Smalls for All Supplies a Growing Number of UK Organisations

| Rachel Berry

We talk about poverty more than we used to. What was once considered something that happens elsewhere is now undeniably a part of everyday life in the UK, for a growing number of families. And West Lothian-based charity Smalls for All (Smalls) can trace the line of this change from when it was founded as an African aid organisation in 2010, to when it became clear that the need was just as great in the UK in 2019. 

That year, Smalls – a charity that collects new pants and new and gently worn bras for people in poverty – was getting more requests from UK organisations. “Food banks were appearing more regularly, and there was a lot more talk about poverty,” says Smalls Founder Maria Macnamara MBE. “We now supply to school uniform banks across Scotland – Edinburgh, Fife, Airdrie, Coatbridge, lots of places – where families can’t afford underwear for their children to wear to school.”

The need that was starting to grow in 2019 became even more pronounced in 2020. “When the pandemic hit, things went mental,” Maria recalls. “We were struggling to get donations to Africa because no one was travelling and the containers had tripled in price. But we were sending a lot more donations to organisations in the UK.”

Whatever the reason for the need, the charity’s underlying focus is dignity. “Underwear is expensive and it isn’t visible, so the school uniform banks will opt to supply kids with a shirt and a skirt or a shirt and trousers. That’s where we come in, to supply the underwear for the packs,” Maria explains. “We work with baby banks and with refuges, where women will show up with maybe two or three children and all they’ve got is what they’re standing in. It can be heartbreaking.”

In 2021, Smalls provided more than 250,000 items of underwear to 68 organisations, 37 of which were in the UK. The organisations she partners with support a diverse range of needs. As well as school uniform banks, Smalls’ UK partners include homeless shelters, women’s refuges, and, increasingly, charities supporting refugees and asylum seekers, such as Care4Calais. In African nations including Sierra Leone, Madagascar, Malawi and Kenya, it’s about keeping girls in school, supporting women in fistula hospitals and supplying sports bras to projects offering girls access to sports like tag rugby. 

Maria’s seed of an idea began with a volunteer trip. “It was never supposed to be a charity!” Maria explains. “I’d always wanted to go to Ethiopia, and decided to go for my 40th birthday. I was working in an orphanage, which had no underwear for the children. They were using rags and bin bags for nappies. It was the same all over the country; there was no underwear available at the market. So when I came back, I decided to do a one-off collection of 2,000 pairs of new pants to send to Ethiopia. I’d got 6,000 pairs by the end of the year, and they just kept coming. People were asking to donate money, too, so in August 2010, I registered as a charity to make it official.”

All underwear collected by Smalls is distributed through partner charities and organisations in African nations and in the UK. These organisations contact Smalls with details of what they need, and they then come and collect it or arrange to have it transported. In Africa, the need for underwear could come from cost challenges, a lack of good quality products or a lack of any products at all. In some countries, there’s a lack of manufacturing and you can’t buy underwear in the shops. In the UK, while products are readily available, the barrier is cost.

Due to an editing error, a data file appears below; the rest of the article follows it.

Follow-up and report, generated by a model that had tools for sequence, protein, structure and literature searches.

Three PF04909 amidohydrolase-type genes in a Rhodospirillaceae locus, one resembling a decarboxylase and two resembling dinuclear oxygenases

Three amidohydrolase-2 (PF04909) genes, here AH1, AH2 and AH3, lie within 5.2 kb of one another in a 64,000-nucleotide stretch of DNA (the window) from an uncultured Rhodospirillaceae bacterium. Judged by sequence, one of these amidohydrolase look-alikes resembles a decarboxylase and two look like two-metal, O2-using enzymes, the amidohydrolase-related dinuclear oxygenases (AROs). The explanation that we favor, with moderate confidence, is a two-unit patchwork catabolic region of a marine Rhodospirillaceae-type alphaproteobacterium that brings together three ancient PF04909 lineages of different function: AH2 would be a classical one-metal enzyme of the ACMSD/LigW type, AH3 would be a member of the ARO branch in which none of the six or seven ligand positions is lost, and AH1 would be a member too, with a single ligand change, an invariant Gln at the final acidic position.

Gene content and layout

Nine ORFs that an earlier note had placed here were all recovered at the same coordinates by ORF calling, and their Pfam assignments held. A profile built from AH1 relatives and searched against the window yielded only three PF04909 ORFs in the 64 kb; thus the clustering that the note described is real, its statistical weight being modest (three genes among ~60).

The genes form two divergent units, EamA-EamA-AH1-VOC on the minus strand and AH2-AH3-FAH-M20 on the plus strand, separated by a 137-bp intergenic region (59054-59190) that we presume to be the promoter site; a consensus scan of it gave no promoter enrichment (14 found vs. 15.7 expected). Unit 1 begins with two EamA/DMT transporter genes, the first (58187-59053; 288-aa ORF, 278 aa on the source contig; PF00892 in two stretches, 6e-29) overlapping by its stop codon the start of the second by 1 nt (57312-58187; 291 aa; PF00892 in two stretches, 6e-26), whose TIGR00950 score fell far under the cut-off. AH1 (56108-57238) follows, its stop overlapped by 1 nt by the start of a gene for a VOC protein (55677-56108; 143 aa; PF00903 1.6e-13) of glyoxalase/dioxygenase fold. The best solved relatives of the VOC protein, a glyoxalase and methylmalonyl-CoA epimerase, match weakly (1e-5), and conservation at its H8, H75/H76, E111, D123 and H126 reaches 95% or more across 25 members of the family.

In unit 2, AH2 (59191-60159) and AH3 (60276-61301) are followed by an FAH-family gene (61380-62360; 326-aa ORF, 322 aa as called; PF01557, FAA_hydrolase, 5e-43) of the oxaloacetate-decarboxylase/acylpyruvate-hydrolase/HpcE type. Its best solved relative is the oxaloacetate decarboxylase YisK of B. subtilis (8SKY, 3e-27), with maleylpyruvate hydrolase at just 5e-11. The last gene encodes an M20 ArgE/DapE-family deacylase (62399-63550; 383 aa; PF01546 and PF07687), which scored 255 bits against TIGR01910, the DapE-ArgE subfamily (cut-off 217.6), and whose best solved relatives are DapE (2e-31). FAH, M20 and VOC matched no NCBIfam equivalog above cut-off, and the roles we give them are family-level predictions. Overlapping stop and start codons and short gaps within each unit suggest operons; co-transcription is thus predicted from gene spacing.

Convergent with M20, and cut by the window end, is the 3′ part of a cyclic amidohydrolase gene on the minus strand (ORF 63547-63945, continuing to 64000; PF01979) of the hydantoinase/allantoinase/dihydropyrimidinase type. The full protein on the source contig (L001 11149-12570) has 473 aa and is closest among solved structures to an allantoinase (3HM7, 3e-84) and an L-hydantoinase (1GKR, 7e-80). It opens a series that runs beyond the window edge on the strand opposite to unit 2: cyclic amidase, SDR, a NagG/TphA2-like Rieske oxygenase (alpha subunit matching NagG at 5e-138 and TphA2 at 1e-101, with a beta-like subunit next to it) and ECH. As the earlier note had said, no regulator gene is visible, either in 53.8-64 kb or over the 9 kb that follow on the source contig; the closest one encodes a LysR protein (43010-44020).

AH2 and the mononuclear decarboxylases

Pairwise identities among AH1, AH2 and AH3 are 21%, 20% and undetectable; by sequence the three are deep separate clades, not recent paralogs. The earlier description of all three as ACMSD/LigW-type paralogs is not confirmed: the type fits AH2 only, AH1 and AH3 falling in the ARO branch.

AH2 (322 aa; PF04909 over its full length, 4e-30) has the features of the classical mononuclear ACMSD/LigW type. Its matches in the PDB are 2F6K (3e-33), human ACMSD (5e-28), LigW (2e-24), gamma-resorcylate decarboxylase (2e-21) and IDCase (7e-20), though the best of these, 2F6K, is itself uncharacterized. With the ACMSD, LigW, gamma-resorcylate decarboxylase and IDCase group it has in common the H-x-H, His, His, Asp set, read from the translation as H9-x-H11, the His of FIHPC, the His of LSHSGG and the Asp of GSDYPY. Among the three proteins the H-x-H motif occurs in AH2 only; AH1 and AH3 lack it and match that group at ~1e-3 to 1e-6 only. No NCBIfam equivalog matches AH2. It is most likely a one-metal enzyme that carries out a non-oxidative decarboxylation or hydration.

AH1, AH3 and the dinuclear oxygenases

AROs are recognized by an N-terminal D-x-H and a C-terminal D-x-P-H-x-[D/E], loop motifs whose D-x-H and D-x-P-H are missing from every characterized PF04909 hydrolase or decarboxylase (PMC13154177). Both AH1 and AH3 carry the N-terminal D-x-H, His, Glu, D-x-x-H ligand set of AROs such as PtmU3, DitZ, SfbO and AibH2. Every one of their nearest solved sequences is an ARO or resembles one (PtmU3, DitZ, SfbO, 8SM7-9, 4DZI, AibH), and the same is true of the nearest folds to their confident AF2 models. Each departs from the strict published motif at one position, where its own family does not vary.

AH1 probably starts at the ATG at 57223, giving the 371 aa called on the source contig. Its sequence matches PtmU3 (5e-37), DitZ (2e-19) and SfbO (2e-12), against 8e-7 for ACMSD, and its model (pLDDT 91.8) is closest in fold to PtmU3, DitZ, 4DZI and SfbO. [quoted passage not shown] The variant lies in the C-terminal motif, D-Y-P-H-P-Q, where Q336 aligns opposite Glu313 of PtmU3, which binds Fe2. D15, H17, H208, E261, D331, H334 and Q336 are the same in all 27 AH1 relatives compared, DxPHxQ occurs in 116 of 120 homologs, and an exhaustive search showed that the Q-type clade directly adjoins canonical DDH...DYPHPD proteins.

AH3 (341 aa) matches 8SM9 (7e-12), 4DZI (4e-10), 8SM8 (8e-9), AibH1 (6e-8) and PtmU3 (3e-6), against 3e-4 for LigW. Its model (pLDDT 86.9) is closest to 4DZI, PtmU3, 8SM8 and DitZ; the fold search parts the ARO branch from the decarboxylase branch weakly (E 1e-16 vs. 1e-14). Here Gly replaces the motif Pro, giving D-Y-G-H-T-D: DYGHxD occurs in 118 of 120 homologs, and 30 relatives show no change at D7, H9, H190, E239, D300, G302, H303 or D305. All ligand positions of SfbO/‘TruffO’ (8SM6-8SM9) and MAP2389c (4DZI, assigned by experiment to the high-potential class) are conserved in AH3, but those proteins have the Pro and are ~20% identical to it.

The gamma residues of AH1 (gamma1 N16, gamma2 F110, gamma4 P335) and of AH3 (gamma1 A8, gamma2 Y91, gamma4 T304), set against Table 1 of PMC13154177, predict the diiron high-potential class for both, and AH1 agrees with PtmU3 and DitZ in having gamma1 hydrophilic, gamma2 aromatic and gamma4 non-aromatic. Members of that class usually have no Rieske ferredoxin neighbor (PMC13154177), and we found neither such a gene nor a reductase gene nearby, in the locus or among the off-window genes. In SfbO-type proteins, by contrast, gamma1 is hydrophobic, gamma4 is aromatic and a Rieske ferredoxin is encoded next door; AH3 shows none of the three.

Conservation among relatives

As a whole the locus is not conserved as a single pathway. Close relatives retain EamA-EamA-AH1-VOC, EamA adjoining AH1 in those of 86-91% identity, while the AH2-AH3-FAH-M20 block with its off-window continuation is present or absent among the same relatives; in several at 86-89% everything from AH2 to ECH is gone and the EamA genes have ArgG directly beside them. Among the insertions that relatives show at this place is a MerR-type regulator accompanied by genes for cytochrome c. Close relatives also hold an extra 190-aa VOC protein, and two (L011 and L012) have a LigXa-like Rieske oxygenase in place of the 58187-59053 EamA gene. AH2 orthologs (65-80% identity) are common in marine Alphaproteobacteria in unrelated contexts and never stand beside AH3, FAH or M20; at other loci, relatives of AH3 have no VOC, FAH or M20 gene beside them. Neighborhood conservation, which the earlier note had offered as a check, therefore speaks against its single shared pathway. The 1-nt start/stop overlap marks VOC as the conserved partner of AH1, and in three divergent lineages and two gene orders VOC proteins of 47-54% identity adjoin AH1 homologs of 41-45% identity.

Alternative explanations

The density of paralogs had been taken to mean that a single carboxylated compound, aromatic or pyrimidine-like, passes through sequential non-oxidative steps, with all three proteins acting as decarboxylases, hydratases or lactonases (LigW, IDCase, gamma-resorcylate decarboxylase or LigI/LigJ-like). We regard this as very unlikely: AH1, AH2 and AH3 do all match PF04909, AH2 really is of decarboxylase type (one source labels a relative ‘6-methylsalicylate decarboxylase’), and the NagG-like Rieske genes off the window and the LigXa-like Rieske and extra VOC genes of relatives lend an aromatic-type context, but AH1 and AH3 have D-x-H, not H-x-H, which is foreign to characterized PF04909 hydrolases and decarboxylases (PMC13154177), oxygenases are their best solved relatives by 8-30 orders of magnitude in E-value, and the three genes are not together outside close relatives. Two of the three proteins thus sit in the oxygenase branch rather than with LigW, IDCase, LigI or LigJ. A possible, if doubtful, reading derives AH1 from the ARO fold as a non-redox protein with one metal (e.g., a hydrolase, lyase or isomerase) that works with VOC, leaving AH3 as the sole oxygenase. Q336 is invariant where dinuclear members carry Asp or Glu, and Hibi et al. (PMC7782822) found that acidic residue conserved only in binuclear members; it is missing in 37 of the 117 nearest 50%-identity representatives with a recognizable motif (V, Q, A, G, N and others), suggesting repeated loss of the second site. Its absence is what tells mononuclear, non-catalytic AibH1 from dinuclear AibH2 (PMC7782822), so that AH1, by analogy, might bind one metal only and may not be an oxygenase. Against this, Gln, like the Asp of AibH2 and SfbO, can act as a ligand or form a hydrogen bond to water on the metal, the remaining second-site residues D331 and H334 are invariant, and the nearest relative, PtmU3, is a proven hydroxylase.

With pants comes dignity. Maria has seen the life changing difference such a simple gift can make. “We tracked a packet of pants on its journey from the donor right through to the recipient,” she says. “Joyce is a schoolgirl from Kirusha secondary school in Ngara, Kagera in northwest Tanzania. She was delighted to receive them because she told us they meant she ‘could go to school every day, just like the boys’.”

Maria manages a team of 30 volunteers who cover everything from sorting donations to promoting the charity’s work on social media. As the charity has grown, Maria has moved from collecting donations in her home and the summer house in her garden – “we call it the Pantogon!” – to larger premises in West Lothian. “Up until 2015, we’d only been distributing around 20,000 pairs a year,” Maria explains. “After 2015, we were hitting 100,000, 260,000, even 330,000. We have three volunteer sorting days, with different teams coming in those three days, and we’ve got other people that support us with our social media. The volunteers are absolutely brilliant.

“Distribution relies on people being on the ground. We don’t have people in all the countries we work in. That’s why partnerships with local organisations with contacts and transport networks already in place are so important; from a small charity point of view, it’s great when you’re working with people and they’re going out to their project and I know that they’re getting stuff delivered safely.”

Maria says there’s a huge need for donations. “We’re getting more requests for pants than ever before. We have this idea in the UK that poverty is something that happens somewhere else, but Smalls gets very similar requests from African nations and the UK – and while the need has always been there in Africa, it’s on the rise here. We all have the same desires: a quiet life, enough food, a roof over your head, your family and to be happy. Poverty can be a barrier to that. We’re mindful of the stigma of poverty, and this is a small way that we can help. Because the people we support have been through enough.”

Find out more about Smalls for All at

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